What is a positive correlation in psychology?
Statistics can be misleading. Read extracts statistics at the bottom of the issue of a news channel or a newspaper can bring people to believe that print numbers and associate them with a phenomenon means that the statistic is true. This is especially the case when it comes to social statistics. The truth is that statistics only tell part of the story. When you truly understand the relationships between the variables, you might be able to decipher these numbers . This article explains these types of relationships: the positive correlation.
In psychology, relationships between variables are called correlations. Basically it is a statistical measure of the relationship. A negative correlation suggests that when a variable changes, other changes directly and negatively with it. The opposite effect, when one variable increases when a variable is a positive correlation. A denotation of +1 between two variables shows a perfect positive correlation coefficient.
A positive correlation completely true show some positive relationship between one variable to another. One statistic that has proven true in many studies is the relationship between education and income. Studies have shown that the higher is the top level or the number of years a person has in education, the higher the average income that person will earn throughout his life. This study has demonstrated, in some cases a positive correlation of 0.79 or +0.79. This means that 79% of the time, the higher the level of study that a person has, the greater their average income compared to someone with a lower education level. It is not absolute as a +1. You could always be that random person who never graduated from high school, but became a famous rock star or a successful inventor.
You’ve probably seen headlines in newspapers that say that a phenomenon is absolutely linked to another. A headline that says “study says if you like red, you like chocolate” may suggest that all red things are totally related to chocolate. You might even start to believe that if you like chocolate, then the red should be your favorite color. Some might even get to think that owning a red car means they are hooked on chocolate. But that title is only an assumption that chocolate and red are positively correlated. This may or may not be true, depending on the actual details of the study. Say a survey of 100 people was making two questions: what color preferred among the red, yellow or blue and if they like chocolate. Twenty people say blue, 31 yellow and 45 say say red. Twelve of the blue people like chocolate (50%) and 10 of the yellow people (about 33%) and 34 red (75%). Does this mean that most people who like red like chocolate? Not really. People who “prefer” red might not even care much color, just happened to be one of the three options. In those red people really like them could mauve. They could even taste the chocolate, but not much. The same can be said about the yellow people, who do not mind the chocolate but just did not like. We will never know because the choice of chocolate was black and white: you like it or not. This is an example of a false positive correlation. Statistically, given the options, who select the three red colors also select a preference for chocolate.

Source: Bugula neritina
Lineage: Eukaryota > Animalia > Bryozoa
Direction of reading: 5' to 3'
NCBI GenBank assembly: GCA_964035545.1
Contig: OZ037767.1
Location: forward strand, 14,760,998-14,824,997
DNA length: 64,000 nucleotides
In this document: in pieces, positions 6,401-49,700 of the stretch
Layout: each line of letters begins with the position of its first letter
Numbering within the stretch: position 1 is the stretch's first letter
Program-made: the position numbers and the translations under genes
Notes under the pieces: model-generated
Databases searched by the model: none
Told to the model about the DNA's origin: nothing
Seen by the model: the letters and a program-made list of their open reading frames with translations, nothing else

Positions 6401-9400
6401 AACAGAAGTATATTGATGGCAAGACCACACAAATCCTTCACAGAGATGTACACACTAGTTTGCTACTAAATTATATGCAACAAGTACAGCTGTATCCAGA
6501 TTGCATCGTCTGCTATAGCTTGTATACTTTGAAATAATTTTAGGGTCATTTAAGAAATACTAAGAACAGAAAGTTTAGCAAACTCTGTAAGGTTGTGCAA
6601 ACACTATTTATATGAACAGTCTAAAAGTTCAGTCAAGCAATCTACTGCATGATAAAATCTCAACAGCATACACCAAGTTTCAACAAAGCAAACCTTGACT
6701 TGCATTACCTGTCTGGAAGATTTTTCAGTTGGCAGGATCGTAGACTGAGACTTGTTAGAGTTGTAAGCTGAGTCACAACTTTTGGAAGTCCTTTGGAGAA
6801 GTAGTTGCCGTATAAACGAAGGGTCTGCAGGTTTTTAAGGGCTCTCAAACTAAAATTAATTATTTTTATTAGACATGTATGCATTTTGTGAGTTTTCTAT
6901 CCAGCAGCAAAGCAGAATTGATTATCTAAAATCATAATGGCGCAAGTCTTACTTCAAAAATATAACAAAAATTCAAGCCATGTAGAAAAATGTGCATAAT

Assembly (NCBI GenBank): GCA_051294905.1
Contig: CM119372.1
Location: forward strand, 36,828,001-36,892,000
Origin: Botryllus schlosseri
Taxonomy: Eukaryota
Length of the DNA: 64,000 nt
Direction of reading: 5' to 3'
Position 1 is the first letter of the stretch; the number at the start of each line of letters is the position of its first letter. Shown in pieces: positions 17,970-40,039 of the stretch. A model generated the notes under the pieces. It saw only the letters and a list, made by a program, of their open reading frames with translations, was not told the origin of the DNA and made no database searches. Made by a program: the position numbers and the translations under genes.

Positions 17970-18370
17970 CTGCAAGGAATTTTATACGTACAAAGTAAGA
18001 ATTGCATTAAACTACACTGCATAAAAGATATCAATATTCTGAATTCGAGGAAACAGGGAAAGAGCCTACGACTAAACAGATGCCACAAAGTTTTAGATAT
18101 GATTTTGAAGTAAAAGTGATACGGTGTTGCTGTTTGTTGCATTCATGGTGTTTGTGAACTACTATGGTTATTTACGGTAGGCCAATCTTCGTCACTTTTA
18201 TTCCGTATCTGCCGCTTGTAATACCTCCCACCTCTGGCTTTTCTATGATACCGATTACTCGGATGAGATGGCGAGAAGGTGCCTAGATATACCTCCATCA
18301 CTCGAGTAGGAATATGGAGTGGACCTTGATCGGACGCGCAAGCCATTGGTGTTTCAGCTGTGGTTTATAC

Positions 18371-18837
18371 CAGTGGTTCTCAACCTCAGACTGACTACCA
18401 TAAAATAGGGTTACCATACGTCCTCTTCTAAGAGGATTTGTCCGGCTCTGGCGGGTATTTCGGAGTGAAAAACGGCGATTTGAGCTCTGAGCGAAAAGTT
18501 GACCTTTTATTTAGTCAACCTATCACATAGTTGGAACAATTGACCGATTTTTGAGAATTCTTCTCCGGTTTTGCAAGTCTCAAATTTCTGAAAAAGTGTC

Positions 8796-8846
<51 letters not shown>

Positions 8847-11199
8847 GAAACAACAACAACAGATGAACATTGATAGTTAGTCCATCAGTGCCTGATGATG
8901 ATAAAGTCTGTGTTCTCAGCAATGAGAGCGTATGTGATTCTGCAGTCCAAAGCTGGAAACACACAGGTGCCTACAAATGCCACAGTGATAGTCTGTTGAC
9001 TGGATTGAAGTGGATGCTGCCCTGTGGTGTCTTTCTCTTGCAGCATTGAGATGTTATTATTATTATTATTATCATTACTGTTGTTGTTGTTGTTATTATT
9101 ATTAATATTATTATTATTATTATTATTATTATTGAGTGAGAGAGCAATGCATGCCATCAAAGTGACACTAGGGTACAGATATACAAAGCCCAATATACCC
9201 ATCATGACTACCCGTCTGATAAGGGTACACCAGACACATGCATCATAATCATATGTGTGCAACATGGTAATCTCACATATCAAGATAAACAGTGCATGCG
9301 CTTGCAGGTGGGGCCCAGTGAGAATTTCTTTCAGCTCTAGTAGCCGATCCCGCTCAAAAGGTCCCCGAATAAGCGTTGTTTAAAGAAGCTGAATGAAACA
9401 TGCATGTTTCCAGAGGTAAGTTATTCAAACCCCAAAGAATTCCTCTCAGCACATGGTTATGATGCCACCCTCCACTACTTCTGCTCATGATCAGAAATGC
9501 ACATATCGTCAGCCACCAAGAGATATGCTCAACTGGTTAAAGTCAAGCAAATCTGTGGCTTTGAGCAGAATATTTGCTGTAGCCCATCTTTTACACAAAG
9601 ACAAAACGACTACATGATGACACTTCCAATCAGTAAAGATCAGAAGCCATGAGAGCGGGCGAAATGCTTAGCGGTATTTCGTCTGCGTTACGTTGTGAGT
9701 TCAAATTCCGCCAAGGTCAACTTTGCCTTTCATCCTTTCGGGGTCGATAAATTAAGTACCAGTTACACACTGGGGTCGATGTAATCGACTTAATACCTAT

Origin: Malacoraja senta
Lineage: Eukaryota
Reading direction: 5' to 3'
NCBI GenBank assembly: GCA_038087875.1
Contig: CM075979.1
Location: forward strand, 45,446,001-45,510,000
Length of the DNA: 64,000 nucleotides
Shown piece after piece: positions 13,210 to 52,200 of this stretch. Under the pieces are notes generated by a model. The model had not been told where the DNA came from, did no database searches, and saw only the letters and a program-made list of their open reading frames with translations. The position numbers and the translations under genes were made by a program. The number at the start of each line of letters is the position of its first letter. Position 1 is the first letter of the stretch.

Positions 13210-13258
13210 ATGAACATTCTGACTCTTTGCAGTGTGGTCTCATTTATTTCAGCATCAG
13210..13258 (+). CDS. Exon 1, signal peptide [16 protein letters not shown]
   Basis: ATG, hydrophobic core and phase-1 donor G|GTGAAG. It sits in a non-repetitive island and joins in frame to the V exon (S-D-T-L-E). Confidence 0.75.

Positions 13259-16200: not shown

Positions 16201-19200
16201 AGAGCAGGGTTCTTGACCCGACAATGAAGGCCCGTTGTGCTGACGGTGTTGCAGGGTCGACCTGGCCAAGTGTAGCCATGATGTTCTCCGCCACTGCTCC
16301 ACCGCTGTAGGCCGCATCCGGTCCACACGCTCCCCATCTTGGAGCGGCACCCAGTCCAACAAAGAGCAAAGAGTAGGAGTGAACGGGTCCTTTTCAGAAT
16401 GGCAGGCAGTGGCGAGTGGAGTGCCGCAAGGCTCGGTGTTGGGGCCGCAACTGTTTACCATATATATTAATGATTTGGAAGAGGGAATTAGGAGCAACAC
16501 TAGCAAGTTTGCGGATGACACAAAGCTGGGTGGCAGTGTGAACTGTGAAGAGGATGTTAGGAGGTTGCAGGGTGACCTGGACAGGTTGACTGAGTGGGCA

The potential for positive correlation in psychology is great. Displaying a strong positive correlation between two variables in a study, psychologists may be able to discern the information that changes the lives of this population or particular phenomenon. Let’s say there was a study among 10,000 middle-aged men in Spain and depression. Let’s say the study found that 75% of men who were clinically depressed for at least six months to more than other men who also lived in northeastern Spain, psychologists may recognize this positive correlation year. They could go to that region of Spain and carry out further studies and see what separates this region from other areas. They might consider the cultural significance of its population, climate, diet, any number of variables. This positive correlation found in the original study helps these psychologists to state a cause of depression and could help them find a solution to reduce it.
The sample size and population of the sample should always be taken into account when a positive correlation is found. Politicians statistical results during an election year should be viewed with caution. If a poll says Americans earning more than $ 100,000 a preferred candidate over another 87% of the time, you could assume that the wealthy like that candidate. But how many people were surveyed? A hundred? A thousand? And where this survey was conducted? Online? Through a website visited by most rich people? Is the average of Rodeo Drive in Beverly Hills? Or in an area where the preferred candidate has many constituents? This could be a false positive correlation does not necessarily represent the true preferences of the other country.